§ 10. Mr. Harry Barnes
To ask the Chancellor of the Exchequer what is his latest estimate of the number of home-owners with mortgage arrears.
§ Mr. Barnes
I am sure that all hon. Members are meeting more and more constituents whose debts have reached crisis point. Many have become homeless, and the position has been worsened by the increase in mortgage rates. The plight of those people is desperate: they also face increases in transport and heating costs, and the poll tax, which is yet to be imposed in England and Wales. Are not we moving from crisis to catastrophe, and should not those who reside at No. 10 and No. 11 Downing street be evicted, rather than our constituents?
§ Mr. Tim Smith
Will my right hon. Friend confirm that the figures that he just gave for mortgage arrears account for 0.73 of 1 per cent. of all mortgage holders, and that that proportion is lower than it was at the end of 1985? If that number is in arrears, by definition 99.27 per cent. of people are not.
§ Mr. Benn
Is the Chancellor aware that—quite apart from the tragedy of repossession—many people who had thought that they were home owners have discovered that they are home buyers? There is a big difference between the two. The Government have no interest in home buyers; they try to persuade home buyers that they are home owners, which they are now discovering that they are not.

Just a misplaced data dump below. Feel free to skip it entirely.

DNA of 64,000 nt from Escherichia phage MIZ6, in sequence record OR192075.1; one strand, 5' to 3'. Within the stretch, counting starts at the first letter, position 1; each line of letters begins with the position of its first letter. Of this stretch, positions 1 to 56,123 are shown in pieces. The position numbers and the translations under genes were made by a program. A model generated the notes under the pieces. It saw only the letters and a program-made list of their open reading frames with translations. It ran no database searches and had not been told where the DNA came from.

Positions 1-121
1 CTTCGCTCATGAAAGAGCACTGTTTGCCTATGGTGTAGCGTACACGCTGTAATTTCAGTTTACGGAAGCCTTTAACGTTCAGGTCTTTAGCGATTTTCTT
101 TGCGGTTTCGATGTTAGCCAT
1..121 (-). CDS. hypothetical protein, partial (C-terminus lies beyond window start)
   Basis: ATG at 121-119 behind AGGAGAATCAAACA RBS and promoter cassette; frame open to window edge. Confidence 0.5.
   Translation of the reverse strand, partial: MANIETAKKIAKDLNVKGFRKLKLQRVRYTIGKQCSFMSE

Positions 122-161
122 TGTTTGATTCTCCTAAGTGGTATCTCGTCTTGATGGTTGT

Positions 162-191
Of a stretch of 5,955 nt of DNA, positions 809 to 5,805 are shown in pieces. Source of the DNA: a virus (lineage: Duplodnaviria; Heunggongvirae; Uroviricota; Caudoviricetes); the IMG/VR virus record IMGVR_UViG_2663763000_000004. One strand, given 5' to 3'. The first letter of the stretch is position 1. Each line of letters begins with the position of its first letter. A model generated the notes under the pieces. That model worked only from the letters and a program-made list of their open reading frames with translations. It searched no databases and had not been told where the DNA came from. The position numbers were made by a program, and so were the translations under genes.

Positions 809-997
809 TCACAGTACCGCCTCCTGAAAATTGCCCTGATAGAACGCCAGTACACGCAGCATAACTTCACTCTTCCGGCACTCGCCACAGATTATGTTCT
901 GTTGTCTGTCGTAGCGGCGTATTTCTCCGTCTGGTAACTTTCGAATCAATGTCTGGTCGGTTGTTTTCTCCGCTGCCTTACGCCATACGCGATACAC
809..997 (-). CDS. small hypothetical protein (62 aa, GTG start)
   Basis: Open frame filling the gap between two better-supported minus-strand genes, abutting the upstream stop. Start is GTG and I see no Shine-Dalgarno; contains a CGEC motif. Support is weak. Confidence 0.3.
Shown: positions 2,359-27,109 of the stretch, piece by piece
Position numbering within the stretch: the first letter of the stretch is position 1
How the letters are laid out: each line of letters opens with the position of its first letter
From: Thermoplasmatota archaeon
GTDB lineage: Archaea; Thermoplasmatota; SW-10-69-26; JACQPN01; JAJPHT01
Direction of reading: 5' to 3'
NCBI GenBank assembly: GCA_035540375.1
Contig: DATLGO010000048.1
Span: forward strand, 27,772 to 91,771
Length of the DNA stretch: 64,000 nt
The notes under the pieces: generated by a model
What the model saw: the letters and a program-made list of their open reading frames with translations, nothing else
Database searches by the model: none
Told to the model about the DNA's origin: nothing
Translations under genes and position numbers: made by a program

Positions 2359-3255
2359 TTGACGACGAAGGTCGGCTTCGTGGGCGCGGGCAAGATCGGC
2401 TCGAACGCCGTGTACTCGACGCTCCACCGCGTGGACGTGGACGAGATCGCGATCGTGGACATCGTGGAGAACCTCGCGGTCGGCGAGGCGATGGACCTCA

§ Mr. Major
The right hon. Gentleman is clearly unaware that the number of properties repossessed in 1989—which, I think, underlies his concern—was less than one fifth of 1 per cent. of the number of building society loans. The problem has been there for a long time, and it certainly existed when the right hon. Gentleman was a Minister.
Mr. John Smith
Does the Chancellor recollect that in the Conservative party's 1979 manifesto the then level of interest rates and mortgage repayments were said to result 385 from what was called "Government financial mismanagement"? After 11 years of Conservative Government, with people are suffering the highest mortgage repayments in our history, is that still true? Is it caused by Government financial mismanagement and, if not, what is the reason for all this misery?
§ Mrs. Currie
Does my right hon. Friend agree that the building societies, which have been lending young people three and four times their income to buy overvalued properties, must take some of the blame? Does he also accept that what is worrying people in my constituency is not just the mortgage rate but a combination of the mortgage rate and the potentially astronomical community charge? Will he take cognisance of that and invite my right hon. Friend the Secretary of State for the Environment to cap Derbyshire county council?